San Jose, Calif.-based HotRail makes a so-called switch fabric, an integrated circuit that serves as a connection point among the various other chips inside high-end networking equipment. The acquisition follows earlier deals this year by Conexant to purchase networking chipmakers Microcosm and Applied Telecom.
HotRail was once best known as the company that was going to enable Advanced Micro Devices (AMD) to get into the world of high-end computers. But the company said in May that it was no longer working on a chipset to allow servers to work with multiple AMD processors.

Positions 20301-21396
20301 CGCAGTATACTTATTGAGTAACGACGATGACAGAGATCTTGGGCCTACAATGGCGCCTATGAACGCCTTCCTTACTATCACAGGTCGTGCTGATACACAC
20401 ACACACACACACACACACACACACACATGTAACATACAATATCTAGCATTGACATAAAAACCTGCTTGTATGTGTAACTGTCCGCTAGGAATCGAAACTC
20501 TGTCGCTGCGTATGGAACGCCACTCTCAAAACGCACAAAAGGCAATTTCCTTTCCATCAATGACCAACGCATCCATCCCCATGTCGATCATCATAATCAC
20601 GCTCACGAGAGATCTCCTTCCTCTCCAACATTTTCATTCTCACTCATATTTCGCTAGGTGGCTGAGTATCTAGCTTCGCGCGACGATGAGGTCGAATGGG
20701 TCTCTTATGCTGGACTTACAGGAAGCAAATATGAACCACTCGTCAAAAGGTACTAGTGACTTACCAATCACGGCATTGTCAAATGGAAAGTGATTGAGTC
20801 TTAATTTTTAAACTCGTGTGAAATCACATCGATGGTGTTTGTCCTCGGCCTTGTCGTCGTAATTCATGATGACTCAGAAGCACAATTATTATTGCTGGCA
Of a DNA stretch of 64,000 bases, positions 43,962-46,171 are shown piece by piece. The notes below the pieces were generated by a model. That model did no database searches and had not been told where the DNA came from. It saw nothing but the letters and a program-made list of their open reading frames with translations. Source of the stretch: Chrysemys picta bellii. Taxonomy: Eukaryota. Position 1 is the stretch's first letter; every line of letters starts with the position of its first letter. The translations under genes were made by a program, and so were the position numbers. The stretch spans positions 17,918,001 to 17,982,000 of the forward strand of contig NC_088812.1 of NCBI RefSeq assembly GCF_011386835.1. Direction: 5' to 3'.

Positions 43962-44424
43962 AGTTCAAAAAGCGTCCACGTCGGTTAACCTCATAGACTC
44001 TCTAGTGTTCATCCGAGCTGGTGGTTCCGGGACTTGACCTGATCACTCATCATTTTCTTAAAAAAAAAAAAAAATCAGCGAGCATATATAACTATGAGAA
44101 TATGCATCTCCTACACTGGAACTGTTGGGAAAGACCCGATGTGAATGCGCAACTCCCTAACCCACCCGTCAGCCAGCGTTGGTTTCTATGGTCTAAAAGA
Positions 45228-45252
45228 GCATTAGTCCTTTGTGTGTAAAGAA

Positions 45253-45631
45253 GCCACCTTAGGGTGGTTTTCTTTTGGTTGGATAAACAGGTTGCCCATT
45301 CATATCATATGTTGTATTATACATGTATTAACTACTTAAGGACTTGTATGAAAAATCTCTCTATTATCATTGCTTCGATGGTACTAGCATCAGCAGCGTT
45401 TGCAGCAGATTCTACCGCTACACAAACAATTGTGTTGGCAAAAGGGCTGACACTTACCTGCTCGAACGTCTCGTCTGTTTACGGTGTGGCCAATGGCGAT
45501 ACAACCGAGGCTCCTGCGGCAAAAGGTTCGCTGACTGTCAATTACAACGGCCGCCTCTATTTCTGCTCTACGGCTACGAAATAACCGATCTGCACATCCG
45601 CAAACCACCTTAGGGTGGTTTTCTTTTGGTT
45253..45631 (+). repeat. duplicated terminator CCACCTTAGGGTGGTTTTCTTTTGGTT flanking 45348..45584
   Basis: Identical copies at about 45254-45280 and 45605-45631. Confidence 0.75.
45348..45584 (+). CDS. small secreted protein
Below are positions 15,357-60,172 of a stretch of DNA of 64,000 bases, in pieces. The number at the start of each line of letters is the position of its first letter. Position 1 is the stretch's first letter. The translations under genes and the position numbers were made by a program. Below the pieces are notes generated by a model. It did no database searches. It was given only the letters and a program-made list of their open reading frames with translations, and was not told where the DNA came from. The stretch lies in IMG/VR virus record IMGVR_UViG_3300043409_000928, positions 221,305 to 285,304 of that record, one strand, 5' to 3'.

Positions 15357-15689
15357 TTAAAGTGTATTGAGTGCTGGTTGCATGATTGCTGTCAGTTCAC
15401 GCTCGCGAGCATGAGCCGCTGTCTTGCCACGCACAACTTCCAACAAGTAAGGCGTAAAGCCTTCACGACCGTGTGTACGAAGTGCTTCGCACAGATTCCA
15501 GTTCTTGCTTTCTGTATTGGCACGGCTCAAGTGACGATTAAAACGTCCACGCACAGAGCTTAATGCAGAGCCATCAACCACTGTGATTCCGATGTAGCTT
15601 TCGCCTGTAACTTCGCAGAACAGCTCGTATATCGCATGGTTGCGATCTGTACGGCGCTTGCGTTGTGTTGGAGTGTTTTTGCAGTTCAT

Newport Beach, Calif.-based Conexant, which was spun off last year from Rockwell International, said it expects the deal to cut into per-share earnings for about 18 months, not counting any one-time charges or amortization of goodwill. The deal is expected to close later this week.
Conexant chief executive Dwight Decker said the switch fabric is typically one of the first parts of a networking product to be designed into a system.
"We are now better positioned to influence the design of next-generation Internet (equipment)," Decker said.
HotRail has announced two products: the HotRail Channel, a high-speed chip to connect networking chips, and the SkyRail Link to connect switches and routers. Both products depend on a switched fabric design. With switched fabric, a group of chips creates a high-speed miniature network inside a computer.
In December, Conexant said it would spend roughly $943 million in stock to acquire network processor firm Maker Communications.